Chronic Pain and the Minor Injury Guidelines

Chronic Pain and the Minor Injury Guidelines

The reality is most car accidents don’t result in broken bones and serious head injuries. This does not mean that you aren’t injured and suffering. Most insurance companies will take the position that if you don’t have broken bones or require surgery then your injuries are minor. This is not the case. In fact, many injuries result in chronic pain that is not detectable on an x-ray, ultrasound or MRI.

What is the Minor Injury Guidelines?

Under the statutory accident benefits schedule, minor injury means a sprain, strain, whiplash associated disorder, contusion, abrasion, laceration or subluxation and any clinically associated sequelae. If you are categorized under the MIG then you will be limited to $3,500.00 worth of treatment. This will likely not be enough to fully recover from your injuries.

Is Chronic Pain a Minor Injury?

In July of 2018, the License Appeal Tribunal ruled that Chronic pain is NOT a minor injury. Sadly, insurance companies have long minimized chronic pain in their assessments and compensation to injured victims. In T.S. v. Aviva the insurance company, Aviva, denied all treatment to the injured victim beyond the $3,500.00 policy limits. T.S. made claims for further medical benefits for treatment and assessments but to no avail. T.S. submitted that his chronic pain syndrome was not a “clinically associated sequelae” to any of the injuries included in that definition.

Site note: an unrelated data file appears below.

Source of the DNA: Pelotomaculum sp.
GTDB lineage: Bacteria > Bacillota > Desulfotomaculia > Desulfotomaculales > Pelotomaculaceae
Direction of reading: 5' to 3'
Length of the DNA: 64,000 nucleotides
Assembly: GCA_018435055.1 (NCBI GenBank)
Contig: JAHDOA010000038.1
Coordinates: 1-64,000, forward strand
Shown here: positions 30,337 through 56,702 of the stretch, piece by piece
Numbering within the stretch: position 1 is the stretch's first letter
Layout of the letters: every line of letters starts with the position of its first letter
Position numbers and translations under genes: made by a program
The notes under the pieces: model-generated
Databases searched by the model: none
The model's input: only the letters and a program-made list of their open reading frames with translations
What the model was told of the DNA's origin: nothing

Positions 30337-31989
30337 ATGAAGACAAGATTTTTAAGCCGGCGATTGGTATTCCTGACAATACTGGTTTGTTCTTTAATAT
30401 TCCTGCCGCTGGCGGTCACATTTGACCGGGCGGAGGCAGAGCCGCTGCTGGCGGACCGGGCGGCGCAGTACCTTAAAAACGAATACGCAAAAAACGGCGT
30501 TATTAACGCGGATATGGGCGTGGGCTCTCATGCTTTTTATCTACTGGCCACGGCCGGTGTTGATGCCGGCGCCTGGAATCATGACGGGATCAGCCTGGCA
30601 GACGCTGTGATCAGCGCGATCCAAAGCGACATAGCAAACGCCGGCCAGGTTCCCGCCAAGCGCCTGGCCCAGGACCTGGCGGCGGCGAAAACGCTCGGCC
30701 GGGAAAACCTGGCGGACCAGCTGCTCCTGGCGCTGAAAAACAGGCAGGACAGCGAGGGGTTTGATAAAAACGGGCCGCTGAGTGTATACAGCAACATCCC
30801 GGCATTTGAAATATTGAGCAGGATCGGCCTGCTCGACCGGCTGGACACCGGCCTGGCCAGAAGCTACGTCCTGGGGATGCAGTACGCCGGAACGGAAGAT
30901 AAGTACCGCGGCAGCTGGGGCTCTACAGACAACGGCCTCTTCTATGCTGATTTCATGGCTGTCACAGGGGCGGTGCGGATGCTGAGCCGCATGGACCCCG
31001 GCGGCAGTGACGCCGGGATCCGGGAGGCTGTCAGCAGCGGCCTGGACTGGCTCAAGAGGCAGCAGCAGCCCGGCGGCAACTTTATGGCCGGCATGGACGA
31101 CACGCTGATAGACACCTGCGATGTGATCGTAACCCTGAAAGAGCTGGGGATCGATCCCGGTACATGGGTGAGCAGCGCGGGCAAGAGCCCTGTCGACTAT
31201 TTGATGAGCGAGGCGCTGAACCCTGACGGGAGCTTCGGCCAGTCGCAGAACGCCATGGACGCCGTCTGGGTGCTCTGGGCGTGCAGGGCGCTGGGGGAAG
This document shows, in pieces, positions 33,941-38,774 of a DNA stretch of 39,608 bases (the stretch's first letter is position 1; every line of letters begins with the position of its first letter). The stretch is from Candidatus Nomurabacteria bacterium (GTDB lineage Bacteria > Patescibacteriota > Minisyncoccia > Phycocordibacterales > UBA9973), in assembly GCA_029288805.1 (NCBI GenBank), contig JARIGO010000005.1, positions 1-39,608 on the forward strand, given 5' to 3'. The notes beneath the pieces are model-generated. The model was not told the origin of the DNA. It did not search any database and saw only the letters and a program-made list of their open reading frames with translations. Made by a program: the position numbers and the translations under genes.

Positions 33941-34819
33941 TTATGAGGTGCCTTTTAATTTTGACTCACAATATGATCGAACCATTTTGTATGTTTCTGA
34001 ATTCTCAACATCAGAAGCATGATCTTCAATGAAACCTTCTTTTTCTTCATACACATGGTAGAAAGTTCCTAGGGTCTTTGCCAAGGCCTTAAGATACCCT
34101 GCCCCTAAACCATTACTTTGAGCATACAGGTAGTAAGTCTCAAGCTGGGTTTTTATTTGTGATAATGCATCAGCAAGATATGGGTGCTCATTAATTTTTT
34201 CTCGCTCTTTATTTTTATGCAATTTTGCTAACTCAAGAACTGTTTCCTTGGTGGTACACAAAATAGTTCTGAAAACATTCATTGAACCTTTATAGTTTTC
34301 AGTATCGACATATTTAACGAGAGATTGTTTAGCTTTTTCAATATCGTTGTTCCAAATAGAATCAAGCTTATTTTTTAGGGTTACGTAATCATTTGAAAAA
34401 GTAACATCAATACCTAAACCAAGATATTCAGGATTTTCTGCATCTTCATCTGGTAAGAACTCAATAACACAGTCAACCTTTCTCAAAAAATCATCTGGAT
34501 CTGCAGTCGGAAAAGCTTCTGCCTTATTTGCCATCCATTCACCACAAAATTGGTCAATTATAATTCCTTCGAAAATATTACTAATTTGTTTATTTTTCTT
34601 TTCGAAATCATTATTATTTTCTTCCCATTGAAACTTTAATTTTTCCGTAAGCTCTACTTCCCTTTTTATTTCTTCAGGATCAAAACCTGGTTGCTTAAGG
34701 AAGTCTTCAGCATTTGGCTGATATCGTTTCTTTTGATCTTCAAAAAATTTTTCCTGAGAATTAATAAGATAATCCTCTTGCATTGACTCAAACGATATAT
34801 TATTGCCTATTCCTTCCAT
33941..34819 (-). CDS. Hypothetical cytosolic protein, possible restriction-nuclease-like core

Chronic Pain and the Minor Injury Guidelines
Chronic Pain and the Minor Injury Guidelines

Ultimately the tribunal ruled in favor of T.S. It stated: My interpretation of the language used in s. 3 and the binding MIG, together with the context and purpose of accident benefits leads me to conclude that chronic pain is not captured by the Schedule’s minor injury impairment level.

On a plain reading of “minor injury” in s. 3 of the Schedule, the legislature lays out a list of physical injuries that are included in the definition of “minor injury”. These are “one or more of a sprain, strain, whiplash associated disorder, contusion, abrasion, laceration or subluxation and includes any clinically associated sequelae to such an injury”. Significantly, the language of the provision does not mention chronic pain. The legislature opted not to include chronic pain in the definition.

The tribunal further stated that the term “clinically associated sequelae” should be interpreted liberally to promote the recovery of those who are injured in automobile accidents instead of limiting the benefits available to applicants suffering from chronic pain to 12 weeks and $3,500.

So, if you have a medical note or diagnosis from a medical professional stating that your injuries are chronic in nature then you should be removed from the MIG and provided with $65,000.00 in medical, rehabilitation and attendant care benefits. This will allow for you to get more treatment in hopes of making a recovery.